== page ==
Tim O’Reilly on the Internet OS

Tim O’Reilly is one of those people whose every word needs to be read and thought over. So, when you get a long interview, its time for plenty of thinking! There are two key points which Tim makes:

The big challenge will be what the Internet operating system will look like. It won’t look like the current generation of either .NET or SunONE or anything else that’s out there right now. What we need is to get to the next step from today’s situation, where there are a bunch of non-standardized techniques that only the alpha geeks know about and can use. We’re in the roll-your-own phase of Internet development. Now we need someone to package up all the really useful bits — to put all the great peer-to-peer and other tools together as part of a “standard” platform that all developers can use to create software. It’s like when Microsoft came out with the Win32 API; they told developers that, instead of having to worry about the thousands of drivers for the PC, they could just write for the APIs Microsoft provided. Someone will need to do that for the Internet platform. Wouldn’t it be great if someone could put MapQuest’s functions into an operating system, for example? That way, I could put a query to find the distance between any two points into any application I wanted. You need to expose these things to the programmers, not just the users. Give us some interfaces!

What has to happen is for a half-baked OS to emerge, with lots of problems that nonetheless highlight the issues. Only then can someone solve the various problems with a systematic solution.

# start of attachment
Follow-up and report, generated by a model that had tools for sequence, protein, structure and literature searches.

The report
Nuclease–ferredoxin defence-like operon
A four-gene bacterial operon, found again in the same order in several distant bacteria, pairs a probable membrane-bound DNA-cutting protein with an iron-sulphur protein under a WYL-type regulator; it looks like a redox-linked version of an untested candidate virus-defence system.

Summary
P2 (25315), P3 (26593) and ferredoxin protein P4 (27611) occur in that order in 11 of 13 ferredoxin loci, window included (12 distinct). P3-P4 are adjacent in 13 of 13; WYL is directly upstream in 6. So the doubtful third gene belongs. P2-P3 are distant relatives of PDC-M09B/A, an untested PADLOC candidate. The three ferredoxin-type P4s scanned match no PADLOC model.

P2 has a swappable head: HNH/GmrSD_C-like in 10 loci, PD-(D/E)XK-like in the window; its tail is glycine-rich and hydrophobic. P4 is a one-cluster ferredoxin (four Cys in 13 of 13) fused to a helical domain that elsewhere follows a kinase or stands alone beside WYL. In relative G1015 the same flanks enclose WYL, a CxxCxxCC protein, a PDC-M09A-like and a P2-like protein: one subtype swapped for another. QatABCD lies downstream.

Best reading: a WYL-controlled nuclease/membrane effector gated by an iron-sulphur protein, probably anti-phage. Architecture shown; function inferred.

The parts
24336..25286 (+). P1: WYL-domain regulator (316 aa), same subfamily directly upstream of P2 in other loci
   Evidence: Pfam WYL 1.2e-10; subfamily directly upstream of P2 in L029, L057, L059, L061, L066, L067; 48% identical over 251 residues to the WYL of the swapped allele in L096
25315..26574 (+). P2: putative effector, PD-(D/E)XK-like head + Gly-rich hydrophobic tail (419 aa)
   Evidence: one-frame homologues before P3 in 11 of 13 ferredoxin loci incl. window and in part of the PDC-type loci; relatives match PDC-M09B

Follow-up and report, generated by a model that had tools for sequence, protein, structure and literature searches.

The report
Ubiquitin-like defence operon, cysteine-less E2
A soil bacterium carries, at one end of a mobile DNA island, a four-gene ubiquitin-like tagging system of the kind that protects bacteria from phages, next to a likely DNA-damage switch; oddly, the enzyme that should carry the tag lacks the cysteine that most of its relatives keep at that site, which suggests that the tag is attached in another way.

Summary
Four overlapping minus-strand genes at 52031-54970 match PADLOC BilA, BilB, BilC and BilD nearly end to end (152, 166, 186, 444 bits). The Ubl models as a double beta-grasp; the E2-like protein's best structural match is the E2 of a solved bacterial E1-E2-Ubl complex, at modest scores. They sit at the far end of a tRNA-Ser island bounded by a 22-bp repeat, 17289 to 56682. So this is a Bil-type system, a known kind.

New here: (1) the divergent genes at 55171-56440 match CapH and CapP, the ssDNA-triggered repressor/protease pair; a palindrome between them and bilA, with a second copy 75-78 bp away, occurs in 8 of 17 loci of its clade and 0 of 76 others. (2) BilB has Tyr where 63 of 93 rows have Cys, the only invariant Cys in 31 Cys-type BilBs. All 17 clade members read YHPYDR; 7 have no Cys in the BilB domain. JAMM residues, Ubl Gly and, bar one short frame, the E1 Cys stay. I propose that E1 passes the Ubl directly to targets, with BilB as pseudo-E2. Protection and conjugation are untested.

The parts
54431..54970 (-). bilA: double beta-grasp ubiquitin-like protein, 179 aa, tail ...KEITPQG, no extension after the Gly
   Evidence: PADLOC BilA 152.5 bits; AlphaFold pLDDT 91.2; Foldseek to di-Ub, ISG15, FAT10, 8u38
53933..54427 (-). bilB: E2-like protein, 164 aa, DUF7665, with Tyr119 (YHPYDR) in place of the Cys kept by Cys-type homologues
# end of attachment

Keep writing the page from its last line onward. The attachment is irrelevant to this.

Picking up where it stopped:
Consider Web Services, for example. There’s a lot of potential in both J2EE and .NET, as well as in XML standards like SOAP, but what is missing are the actual programmable components. These are the equivalent of all those PC devices that were so burdensome to write drivers for, and for which Microsoft offered a solution with the Win32 API.

To me, these programmable components are all the various large Web-facing databases, and the equivalent of the build-your-own-driver school of programming are the Web spiders that access those services programmatically. Web spiders, including unauthorized interfaces built by screen scraping, are one trail of breadcrumbs we need to follow when looking at the functionality that an Internet operating system will need to provide.

My take: the next OS needs to be “an enterprise server OS” — it needs to be server-centric (because what we will use on the desktops are Thin Clients) and it needs to be focused on the enterprises, especially those at the bottom of the pyramid. Disruptive innovations have a knack of starting in the lower-end of the markets. I think there is an opportunity to create an OS which builds on Linux and incorporates elements from the Application Server to create a transaction-oriented “higher-level” OS. What’s needed are the interfaces forthe eBusiness applications to become components and talk to each other. They are the modern-day “drivers” of business. The simplified user-end needs to be a Digital Dashboard which runs in a browser and can handle RSS+ (more than just the RSS tags to support enterprise events).

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Rajesh Jain

An Entrepreneur based in Mumbai, India.